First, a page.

Get Psyched: On Repeat
Got a song stuck in your head? Here's why and how to stop it
October 14, 2019
I was halfway through my General Psychology midterm when Shawn Mendes and Camila Cabello’s summer hit Señorita somehow found its way into my head. I desperately needed to focus, so I tried to silence it. That worked for a while, but three questions later, the song was back.
I knew that I was experiencing an earworm. Earworms, scientifically known as Involuntary Music Imagery (INMI), refers to pieces of music spontaneously repeating in one’s mind that is out of his or her conscious control. Earworms are common: 89.2 percent of people experience earworms at least once a week. So, if you often find yourself struggling to get rid of a particular tune, you’re not alone.
Several factors contribute to the formation of an earworm. The first one is familiarity. Not surprisingly, recency and repetition increase the likelihood of an earworm. Therefore, Blair students who have just learned a new symphony and practiced it repeatedly may fall victim to earworms of that particular piece easily. In addition, certain features make some songs more predisposed to becoming earworms than others. Musical Psychologists found that tunes that form earworms have faster than average tempi, straightforward melody type and catchy interval patterns. Some commonly reported earworms “Bad Romance” by Lady Gaga, “Can’t get you out of my head” by Kylie Minogue and “Moves like Jagger” by Maroon 5 share these characteristics.
The most crucial factor in the formation of an earworm is the process of involuntary memory. Let’s go back to the example of my annoying Señorita earworm. Listening to the song as I studied, my brain encoded fragments of the tune or lyrics. It then formed associations between hearing the song and other sensory information, such as my stressed-out mood and the Psychology textbook in front of me. Afterward, stumbling upon cues that trigger the association during the test, some portion of the song enters the phonological loop, a part of your memory process that stores and repeats auditory information, and starts repeating itself. That’s why I was left with an earworm that bothered me for the rest of the test.
To be fair, not all earworms are unpleasant. But when it is, how can we mentally pause the song?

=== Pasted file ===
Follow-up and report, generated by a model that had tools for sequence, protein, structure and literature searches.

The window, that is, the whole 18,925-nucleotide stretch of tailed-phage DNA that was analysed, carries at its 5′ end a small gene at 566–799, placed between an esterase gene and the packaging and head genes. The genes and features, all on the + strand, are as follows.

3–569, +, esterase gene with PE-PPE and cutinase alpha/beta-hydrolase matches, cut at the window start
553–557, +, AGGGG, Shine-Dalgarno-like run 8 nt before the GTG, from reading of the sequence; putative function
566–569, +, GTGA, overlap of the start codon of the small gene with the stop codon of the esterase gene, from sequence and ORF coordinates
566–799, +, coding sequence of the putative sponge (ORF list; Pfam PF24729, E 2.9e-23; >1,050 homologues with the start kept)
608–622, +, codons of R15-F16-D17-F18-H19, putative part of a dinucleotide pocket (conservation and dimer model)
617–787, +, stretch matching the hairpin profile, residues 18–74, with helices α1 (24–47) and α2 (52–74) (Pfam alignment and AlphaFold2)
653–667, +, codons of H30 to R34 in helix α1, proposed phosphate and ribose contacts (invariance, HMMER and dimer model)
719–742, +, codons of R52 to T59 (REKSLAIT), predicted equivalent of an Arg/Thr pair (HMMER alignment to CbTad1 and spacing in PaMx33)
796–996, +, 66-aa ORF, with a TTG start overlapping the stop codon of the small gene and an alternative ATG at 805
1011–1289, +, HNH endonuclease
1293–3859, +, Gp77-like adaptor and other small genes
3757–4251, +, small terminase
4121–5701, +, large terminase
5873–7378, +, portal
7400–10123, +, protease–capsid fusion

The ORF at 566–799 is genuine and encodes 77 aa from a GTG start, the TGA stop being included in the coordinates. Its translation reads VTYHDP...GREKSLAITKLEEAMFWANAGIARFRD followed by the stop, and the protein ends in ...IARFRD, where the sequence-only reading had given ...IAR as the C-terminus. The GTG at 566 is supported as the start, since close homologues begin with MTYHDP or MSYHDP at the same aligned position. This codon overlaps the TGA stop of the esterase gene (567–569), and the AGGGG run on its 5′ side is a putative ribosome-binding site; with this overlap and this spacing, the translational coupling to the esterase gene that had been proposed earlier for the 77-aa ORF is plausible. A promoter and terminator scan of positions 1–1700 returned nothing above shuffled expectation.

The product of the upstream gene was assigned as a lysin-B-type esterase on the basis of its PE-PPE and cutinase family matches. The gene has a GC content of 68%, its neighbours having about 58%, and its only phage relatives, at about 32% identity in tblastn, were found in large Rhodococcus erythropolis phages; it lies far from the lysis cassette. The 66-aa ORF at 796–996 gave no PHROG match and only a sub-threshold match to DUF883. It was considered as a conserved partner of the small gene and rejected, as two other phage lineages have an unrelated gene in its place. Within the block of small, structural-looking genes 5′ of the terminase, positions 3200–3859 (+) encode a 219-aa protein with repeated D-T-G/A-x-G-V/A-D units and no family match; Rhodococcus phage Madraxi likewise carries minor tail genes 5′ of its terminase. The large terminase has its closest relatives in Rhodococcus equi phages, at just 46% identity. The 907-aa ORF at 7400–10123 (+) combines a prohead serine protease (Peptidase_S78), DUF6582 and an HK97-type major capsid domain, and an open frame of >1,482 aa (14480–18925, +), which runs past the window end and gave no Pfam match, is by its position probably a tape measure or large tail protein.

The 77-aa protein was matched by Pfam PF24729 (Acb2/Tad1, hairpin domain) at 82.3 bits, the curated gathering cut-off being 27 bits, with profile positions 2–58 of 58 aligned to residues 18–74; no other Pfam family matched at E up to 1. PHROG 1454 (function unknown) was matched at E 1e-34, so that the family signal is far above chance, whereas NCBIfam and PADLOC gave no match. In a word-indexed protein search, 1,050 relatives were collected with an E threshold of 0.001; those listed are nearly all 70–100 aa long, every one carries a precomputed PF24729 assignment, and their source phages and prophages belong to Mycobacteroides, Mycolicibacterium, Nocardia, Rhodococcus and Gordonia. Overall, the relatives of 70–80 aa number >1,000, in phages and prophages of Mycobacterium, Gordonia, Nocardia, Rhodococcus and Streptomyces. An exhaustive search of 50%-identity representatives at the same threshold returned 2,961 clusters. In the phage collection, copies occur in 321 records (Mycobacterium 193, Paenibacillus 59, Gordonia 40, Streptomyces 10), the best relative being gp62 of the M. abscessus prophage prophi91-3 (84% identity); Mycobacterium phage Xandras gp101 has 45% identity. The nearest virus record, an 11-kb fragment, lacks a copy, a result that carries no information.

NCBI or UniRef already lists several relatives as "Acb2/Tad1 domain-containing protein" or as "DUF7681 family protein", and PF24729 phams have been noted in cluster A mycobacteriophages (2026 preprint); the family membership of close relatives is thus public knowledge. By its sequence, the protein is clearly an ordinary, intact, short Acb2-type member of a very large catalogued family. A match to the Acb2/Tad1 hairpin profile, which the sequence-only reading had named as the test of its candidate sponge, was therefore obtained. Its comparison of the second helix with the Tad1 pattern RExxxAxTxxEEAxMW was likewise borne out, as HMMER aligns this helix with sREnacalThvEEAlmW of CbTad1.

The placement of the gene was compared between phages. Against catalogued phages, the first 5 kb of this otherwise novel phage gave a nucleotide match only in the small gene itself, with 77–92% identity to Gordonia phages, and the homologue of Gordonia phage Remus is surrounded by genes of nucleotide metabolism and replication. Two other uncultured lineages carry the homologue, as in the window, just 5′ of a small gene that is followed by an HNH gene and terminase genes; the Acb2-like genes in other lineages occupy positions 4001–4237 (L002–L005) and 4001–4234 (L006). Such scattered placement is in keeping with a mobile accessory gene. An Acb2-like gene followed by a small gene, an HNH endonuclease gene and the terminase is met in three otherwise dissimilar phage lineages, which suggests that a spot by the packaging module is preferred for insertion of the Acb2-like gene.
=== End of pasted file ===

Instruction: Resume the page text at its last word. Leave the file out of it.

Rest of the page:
Distracting yourself with another task is a common yet efficient way of getting rid of earworms. It might sound obvious, but for the distractions to work, the task can’t be too hard or too easy, as these levels of tasks increase the occurrence of earworms. One task that can successfully distract you from earworms is mentally generating random numbers without repeating any number. Another solution is to sing the last sentence of the song or merely to listen to it. The science behind this remedy is the Zeigarnik Effect, which states that incomplete tasks stay in our memory longer. By finishing the song, you might kick it out of your head.
However, often, we can’t start a different task or sing songs aloud when we’re trying to focus on tests or in class. So, what are some practical tips for college students to reduce earworms without annoying the professor?
Try chewing gum. Research has found that subvocal activities, which are actions that involve the vocal apparatus, mess with our usual articulatory functions. As a result, chewing gum can reduce involuntary musical thoughts. Another physical remedy is to tap your foot or perform other motor actions in a different beat than the earworm. This disturbs the harmonious flow of the musical beat of the song in our heads. If you do use this strategy, make sure it’s subtle, so you don’t bother people around you!
Hopefully, the next time a song is stuck in your head, you know how to fight it. Congratulations on becoming an earworm slayer! Now I need to go grab some gum to get rid of “Bad Romance,” which has been auto-playing in my mind nonstop since I typed it in this column.